The United States is considering removing requirements for Israelis to acquire visas for tourist visits. A bill is scheduled to set to be introduced in Congress this week to allow Israelis to enter the United States for 90 days without needing to obtain a visa. The bill is sponsored by Democratic Congressman Brad Sherman and Republican Representative Ted Poe, and another 25 representatives have signed the bill.
At a press conference Tuesday, Sherman and Poe said they expected the visa requirement to be eliminated within two years. “It's illogical that Israelis who have business opportunities and need to make a short visit to the U.S. would have to wait half a year to get a visa,” the two representatives said. “Israel is a close friend of the U.S.,” said Poe, a Texas Republican. “It's important for both countries that we do away with the visa requirement, so that people can come here and do business with us. We want more Israelis to come to the U.S. on business. Come to Texas, we want you here,” Poe added. “It's surprising that Israelis can go to South America and Canada without a visa, but not to the U.S.”
Sherman, a California Democrat, said that altogether 45 representatives were sponsoring the legislation. The reason Israel in the past was not included among the 37 countries whose citizens do not require visas, said Sherman, was because more than 3% of visa requests by Israelis had been rejected by the U.S. - making Israel one of the “riskier” countries for visa-granting. Sherman said that while this may have been true in the past, things have changed, and the latest information shows that Israel fits the criteria of the visa-free list.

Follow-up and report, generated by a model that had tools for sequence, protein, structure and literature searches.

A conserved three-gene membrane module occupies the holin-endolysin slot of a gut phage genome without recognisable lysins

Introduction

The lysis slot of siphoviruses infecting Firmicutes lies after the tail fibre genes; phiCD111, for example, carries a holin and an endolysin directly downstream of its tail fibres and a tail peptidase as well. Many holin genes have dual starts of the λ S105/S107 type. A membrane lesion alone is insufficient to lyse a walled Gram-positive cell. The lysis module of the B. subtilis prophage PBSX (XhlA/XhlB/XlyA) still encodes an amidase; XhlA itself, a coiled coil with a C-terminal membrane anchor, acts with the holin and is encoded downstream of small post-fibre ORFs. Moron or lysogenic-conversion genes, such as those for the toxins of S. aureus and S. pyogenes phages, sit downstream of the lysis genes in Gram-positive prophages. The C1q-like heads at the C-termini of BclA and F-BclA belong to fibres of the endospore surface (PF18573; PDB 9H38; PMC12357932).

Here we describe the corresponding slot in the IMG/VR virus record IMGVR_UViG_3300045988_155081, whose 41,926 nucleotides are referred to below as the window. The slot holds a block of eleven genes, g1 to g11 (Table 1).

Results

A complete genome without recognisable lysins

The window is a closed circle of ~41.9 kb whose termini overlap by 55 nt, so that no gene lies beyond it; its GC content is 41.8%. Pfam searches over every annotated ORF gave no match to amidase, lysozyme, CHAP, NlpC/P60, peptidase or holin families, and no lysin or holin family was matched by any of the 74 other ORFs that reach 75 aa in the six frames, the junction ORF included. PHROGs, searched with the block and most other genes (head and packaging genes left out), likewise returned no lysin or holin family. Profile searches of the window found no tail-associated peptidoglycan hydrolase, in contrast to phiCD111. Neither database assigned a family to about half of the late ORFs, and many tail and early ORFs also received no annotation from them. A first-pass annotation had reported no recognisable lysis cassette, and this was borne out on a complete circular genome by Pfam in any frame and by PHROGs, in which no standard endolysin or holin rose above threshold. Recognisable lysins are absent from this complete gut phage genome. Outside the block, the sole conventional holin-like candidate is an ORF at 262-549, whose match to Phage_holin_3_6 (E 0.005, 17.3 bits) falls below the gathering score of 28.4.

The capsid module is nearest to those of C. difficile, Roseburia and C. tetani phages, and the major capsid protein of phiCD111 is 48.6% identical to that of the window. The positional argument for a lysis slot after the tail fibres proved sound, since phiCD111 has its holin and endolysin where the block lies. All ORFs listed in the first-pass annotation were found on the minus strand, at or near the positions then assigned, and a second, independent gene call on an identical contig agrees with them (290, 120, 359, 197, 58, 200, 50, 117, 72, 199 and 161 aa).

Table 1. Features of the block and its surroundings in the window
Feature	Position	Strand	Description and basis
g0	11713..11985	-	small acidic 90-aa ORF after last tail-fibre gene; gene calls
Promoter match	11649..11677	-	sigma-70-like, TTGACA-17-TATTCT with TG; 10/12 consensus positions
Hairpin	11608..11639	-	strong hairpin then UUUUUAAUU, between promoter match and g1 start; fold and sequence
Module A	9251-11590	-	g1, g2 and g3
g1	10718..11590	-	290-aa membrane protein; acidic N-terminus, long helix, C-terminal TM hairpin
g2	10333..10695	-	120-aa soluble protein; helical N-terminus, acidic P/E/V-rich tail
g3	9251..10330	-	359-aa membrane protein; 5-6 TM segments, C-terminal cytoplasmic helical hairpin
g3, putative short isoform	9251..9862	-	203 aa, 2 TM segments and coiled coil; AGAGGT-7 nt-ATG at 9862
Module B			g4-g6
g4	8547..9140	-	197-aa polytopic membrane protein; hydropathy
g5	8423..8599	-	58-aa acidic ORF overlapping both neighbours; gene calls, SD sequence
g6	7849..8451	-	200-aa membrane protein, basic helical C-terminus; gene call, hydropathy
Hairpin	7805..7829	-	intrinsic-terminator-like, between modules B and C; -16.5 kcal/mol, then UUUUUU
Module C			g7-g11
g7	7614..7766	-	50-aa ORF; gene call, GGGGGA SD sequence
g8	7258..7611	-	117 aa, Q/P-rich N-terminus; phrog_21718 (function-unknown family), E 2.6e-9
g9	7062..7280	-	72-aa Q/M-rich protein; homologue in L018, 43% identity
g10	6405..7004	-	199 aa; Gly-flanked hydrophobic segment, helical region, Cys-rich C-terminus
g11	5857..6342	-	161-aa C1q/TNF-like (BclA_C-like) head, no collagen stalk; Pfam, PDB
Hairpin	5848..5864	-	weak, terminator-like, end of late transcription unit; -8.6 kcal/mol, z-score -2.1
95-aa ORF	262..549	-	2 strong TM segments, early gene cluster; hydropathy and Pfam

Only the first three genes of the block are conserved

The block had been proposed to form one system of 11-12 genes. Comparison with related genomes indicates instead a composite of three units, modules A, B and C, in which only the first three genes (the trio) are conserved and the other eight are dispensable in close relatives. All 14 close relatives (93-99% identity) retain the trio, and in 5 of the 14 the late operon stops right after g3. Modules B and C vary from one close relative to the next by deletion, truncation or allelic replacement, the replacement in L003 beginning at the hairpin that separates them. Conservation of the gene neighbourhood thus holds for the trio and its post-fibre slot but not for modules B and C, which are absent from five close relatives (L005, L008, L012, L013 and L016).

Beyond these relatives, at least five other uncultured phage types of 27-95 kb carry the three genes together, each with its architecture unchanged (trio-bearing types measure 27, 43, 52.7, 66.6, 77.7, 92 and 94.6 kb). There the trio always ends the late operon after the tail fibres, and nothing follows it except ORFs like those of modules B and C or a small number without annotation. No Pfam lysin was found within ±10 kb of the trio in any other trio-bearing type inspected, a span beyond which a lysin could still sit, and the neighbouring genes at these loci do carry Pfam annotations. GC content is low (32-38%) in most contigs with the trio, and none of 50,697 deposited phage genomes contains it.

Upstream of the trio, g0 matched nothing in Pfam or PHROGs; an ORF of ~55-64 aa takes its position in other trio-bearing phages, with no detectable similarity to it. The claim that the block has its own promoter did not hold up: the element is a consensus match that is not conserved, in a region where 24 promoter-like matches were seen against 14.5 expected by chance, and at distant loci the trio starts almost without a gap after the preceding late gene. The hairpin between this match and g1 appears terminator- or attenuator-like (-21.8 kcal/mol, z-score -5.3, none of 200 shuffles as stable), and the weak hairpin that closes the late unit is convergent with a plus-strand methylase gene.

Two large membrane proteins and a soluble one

Another reason that Israel was not included on the list was the fact that Israel had not instituted biometric passports, required by the State Department for visa-free entry. Sherman said that he had received assurances that Israel would be “upgrading” its passports to meet that requirement.
The House has in the past approved Israel for the visa-free list, but Israel's inclusion on the list was rejected by the Senate.